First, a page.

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11 arrests after counter-protestors crash Newcastle BLM demonstrations

Written by News

Protests in Newcastle today turned violent as counter-protesters began throwing objects at protesters and police, leading to 11 arrests being made.

Image: Eilidh Wilcockson

Hundreds showed up to Grey’s Monument for the second weekly BLM protest Saturday afternoon, but found that the famous city centre meeting point had been surrounded by a group calling themselves The Defenders of Newcastle, who feared that the BLM protesters would attempt to pull down or otherwise vandalise the 135ft statue. The protest continued regardless, and tension built between the BLM protestors and the counter-protestors argued to be in their hundreds. A line of police officers seperated the two, until the counter-protestors began to hurl objects at the police, causing fighting to break out.

Protesters remained peaceful, despite agitation from the counter-protesters who weren’t wearing masks and were seen drinking. By 12pm, police had formed a buffer zone between the counter-protesters surrounding Monument and the BLM protesters. The zone held for a couple of hours until smoke flares were thrown and the counter-protesters began hurling glass bottles at the BLM protesters. Police dispersed the crowd and made arrests, with these allegedly not happening until the police themselves were being attacked. Several protestors, police officers, and animals were injured. A police cordon was set up and by 6pm, Grey’s Monument was deserted.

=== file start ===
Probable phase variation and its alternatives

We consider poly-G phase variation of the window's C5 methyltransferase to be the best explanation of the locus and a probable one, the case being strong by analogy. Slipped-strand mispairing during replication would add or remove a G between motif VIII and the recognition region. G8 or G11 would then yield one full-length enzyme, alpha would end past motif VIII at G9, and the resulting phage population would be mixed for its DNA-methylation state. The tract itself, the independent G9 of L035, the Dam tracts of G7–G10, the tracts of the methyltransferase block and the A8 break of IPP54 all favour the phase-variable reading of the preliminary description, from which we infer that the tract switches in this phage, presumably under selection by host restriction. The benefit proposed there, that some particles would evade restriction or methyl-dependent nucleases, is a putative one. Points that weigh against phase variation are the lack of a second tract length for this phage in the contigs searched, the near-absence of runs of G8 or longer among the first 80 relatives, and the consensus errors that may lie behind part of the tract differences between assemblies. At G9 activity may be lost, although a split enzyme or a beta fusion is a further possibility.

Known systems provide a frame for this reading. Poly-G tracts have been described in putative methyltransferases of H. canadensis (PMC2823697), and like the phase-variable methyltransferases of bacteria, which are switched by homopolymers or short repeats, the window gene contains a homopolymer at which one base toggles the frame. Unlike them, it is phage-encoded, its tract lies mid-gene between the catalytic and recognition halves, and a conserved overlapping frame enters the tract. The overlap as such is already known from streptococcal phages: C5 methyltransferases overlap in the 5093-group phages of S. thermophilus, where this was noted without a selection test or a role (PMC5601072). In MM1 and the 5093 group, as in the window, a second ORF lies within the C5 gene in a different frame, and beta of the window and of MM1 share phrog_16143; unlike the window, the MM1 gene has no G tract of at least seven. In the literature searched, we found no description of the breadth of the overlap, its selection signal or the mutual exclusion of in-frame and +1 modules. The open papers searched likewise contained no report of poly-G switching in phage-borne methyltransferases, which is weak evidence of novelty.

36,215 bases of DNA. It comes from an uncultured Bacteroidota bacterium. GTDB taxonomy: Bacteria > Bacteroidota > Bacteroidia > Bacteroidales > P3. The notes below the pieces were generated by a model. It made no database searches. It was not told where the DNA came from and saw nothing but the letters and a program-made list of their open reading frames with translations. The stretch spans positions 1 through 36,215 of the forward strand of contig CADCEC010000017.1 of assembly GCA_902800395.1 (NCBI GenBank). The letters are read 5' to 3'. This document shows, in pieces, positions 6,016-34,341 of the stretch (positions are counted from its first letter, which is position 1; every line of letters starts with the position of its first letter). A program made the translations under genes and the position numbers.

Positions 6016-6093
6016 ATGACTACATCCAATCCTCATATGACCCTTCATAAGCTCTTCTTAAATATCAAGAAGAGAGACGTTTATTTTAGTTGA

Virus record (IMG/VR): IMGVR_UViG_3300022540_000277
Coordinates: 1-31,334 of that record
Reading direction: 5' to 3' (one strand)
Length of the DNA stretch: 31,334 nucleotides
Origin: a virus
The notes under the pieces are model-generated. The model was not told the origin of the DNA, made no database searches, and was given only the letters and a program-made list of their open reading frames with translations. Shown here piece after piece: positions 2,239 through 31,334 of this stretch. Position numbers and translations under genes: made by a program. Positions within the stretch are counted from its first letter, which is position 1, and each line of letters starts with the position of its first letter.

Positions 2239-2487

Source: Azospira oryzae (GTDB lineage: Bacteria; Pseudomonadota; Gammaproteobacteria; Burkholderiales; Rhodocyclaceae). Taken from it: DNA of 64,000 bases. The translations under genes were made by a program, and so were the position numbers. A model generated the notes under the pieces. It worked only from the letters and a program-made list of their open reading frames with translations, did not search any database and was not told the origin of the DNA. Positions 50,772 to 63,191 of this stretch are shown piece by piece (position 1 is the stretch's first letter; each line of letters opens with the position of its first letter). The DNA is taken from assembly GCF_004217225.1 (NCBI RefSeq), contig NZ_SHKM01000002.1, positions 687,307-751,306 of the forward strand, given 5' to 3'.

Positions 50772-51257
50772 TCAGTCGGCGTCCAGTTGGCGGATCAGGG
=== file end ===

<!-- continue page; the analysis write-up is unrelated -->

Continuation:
Grey’s Monument had initially appeared on Topple the Racists, a map developed by the Stop Trump Coalition that lists statues “celebrating racism and slavery”. One of two Newcastle memorials featured on the map, the description stated how Earl Grey was PM when slavery was abolished, and reparations were paid to white slavers instead of black ex-slaves. It was, however, shortly removed and event organisers made it clear they had no plans to harm the monument. The Lord Armstrong monument outside the Great North Museum: Hancock had initially featured on the same list, but was similarly later removed.

Counter-protesters had begun showing up as early as 10am and surrounding the monument, brandishing Union Jack and St George’s Cross flags. Their chants included phrases like “white lives matter” and “you are not English anymore”, directed at BLM protesters. There were reports of individuals making Nazi salutes. Smaller groups were also seen defending the nearby war memorial and St George statues. By the peak of the protest, they almost rivaled the BLM protesters in size.

The BLM protesters remained peaceful as they had last week. North East Against Racism, one of the organizations involved in the demonstration, released the following statement on their Facebook page.

Newcastle student Eilidh Wilcockson, who was protesting on the BLM side, said that the smoke canisters were thrown by the counter-protesters, and that some of them were thrown back towards them. Additionally, she said all bottles and cans of beer were flung by the counter-protestors, who had been seen drinking since early morning. She also stated that she believed her BAME co-protestors were more likely to be attacked by the counter-protestor crowd than white protestors.

“[The counter-protesters] came from the side and behind us, and attacked us from there whilst we were literally silent and kneeling…They came and attacked from the sides where there weren’t many police, [and] were looking for ways to attack us in literally any direction possible…The police presence was far greater on the [counter-protestor] side for a reason. They had riot police, horses and dogs on them. I saw police on horses hitting [counter-protesters] with batons, they were so out of control.

Eilidh Wilcockson

A video from @hopenothate on Twitter seems to confirm it was the right-wing counter-protesters that initially threw smoke canisters and initiated violence.

Last modified: 13th June 2020

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